Sarah Houver, former PhD student at the Laboratory Pierre Aigrain, and Sophie Marbach, PhD student at the Laboratory of Statistical Physics, have been awarded the l’Oréal-Unesco grant For Women in science.
The purpose of these grants is to highlight the women contribution to science, which is too often kept in silence. Women represent today 28% of the researchers and only 3% of the scientific Nobel Prizes are awarded to them.
« To get over prejudices and inspire vocations », the L’Oréal Foundation, in partnership with Sciences Academy and French National UNESCO Commission, is awarding each year 30 grants to women working in science, in order to support them in the continuation of their carreer, support their research work and give them the visibility they deserve.
Sarah Houver, former PhD student at the Laboratoire Pierre Aigrain (PhD defense in April 2017) studied the mixing of two optical rays, one visible and the other infrared. This mixing allows to generate a new optical ray at a different wavelength. This phenomenon is possible because of an optical excitation of the medium on which the light is sent that resonates with electronic transitions, given rise to non-linear optical phenomena. This experiment uses a quantum cascade laser, system composed of nanometric semiconductor layers . Those very compact devices are the infrared source as well as the interacting medium of the light.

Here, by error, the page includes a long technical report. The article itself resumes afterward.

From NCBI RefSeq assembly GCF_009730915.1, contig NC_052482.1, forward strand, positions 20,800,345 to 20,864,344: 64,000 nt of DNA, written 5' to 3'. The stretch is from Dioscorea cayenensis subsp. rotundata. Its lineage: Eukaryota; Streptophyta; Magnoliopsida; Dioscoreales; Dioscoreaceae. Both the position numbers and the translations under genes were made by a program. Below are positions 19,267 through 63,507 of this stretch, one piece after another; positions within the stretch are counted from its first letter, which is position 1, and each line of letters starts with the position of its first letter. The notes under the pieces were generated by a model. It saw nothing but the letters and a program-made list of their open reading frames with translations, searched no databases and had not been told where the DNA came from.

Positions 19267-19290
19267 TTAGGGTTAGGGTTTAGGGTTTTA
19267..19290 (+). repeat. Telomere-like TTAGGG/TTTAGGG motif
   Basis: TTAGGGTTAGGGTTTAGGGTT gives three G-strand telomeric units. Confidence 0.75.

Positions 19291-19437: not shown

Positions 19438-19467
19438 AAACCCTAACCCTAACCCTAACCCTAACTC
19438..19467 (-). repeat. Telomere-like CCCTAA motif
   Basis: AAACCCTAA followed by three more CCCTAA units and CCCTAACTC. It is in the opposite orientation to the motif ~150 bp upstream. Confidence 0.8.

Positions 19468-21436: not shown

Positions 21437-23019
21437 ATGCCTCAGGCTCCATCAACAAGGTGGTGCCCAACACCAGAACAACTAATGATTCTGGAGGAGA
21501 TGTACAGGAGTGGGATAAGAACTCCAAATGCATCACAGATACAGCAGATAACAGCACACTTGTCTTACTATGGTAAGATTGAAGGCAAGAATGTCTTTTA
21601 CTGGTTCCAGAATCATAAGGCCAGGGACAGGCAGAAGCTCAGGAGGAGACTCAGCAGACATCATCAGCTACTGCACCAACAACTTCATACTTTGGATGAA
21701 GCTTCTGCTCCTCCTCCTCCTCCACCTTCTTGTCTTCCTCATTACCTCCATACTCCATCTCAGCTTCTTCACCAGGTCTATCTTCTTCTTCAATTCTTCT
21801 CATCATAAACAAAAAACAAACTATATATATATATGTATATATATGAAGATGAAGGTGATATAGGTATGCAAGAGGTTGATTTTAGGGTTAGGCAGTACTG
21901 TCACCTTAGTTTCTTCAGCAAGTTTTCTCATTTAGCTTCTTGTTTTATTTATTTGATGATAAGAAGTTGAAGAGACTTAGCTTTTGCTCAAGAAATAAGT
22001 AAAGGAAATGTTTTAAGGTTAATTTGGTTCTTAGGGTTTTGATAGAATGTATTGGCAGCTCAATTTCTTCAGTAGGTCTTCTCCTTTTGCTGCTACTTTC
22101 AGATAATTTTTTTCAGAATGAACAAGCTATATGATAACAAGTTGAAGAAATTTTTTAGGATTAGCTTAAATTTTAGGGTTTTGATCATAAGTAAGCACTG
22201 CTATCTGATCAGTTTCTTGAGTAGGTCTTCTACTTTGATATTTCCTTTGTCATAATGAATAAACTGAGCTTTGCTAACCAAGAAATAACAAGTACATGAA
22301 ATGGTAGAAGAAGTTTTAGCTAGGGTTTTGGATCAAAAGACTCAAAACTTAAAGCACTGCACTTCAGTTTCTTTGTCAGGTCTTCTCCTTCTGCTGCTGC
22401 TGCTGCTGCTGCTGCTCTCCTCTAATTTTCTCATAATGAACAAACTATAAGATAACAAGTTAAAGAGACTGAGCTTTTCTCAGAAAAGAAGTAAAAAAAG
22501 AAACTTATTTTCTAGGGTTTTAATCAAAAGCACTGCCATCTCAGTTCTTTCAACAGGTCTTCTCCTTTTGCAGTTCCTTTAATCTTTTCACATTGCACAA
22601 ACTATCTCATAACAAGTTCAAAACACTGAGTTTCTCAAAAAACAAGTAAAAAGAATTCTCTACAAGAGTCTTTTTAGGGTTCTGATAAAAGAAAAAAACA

« This setup could be a useful tool in order to build faster telecommunication and internet networks, but is as well a powerful probe to study fundamental properties of matter. » says Sarah Houver.
Sophie Marbach studies the transport of water at very small scales and in particular filtration processes. « A better control of those processes could lead to solutions to major societal problems » she explains. Her dream: that Science can help sustainable development and solve the energetic transition in France and in the world. For this reason, she chose to explore fluid transport phenomena at the nanoscale, and contributes to invent new filtration membranes. She has worked on an active « passoire » with dynamic holes, and she took inspiration in the kidney working process to conceve a biomimetic filter. Her reasearch could help transform salted water into drinkable water as well as optimize actual dialysis processes.
The ceremony has been held on October 11th in salle Wagram, where prize winners presented their work in front of a large audience.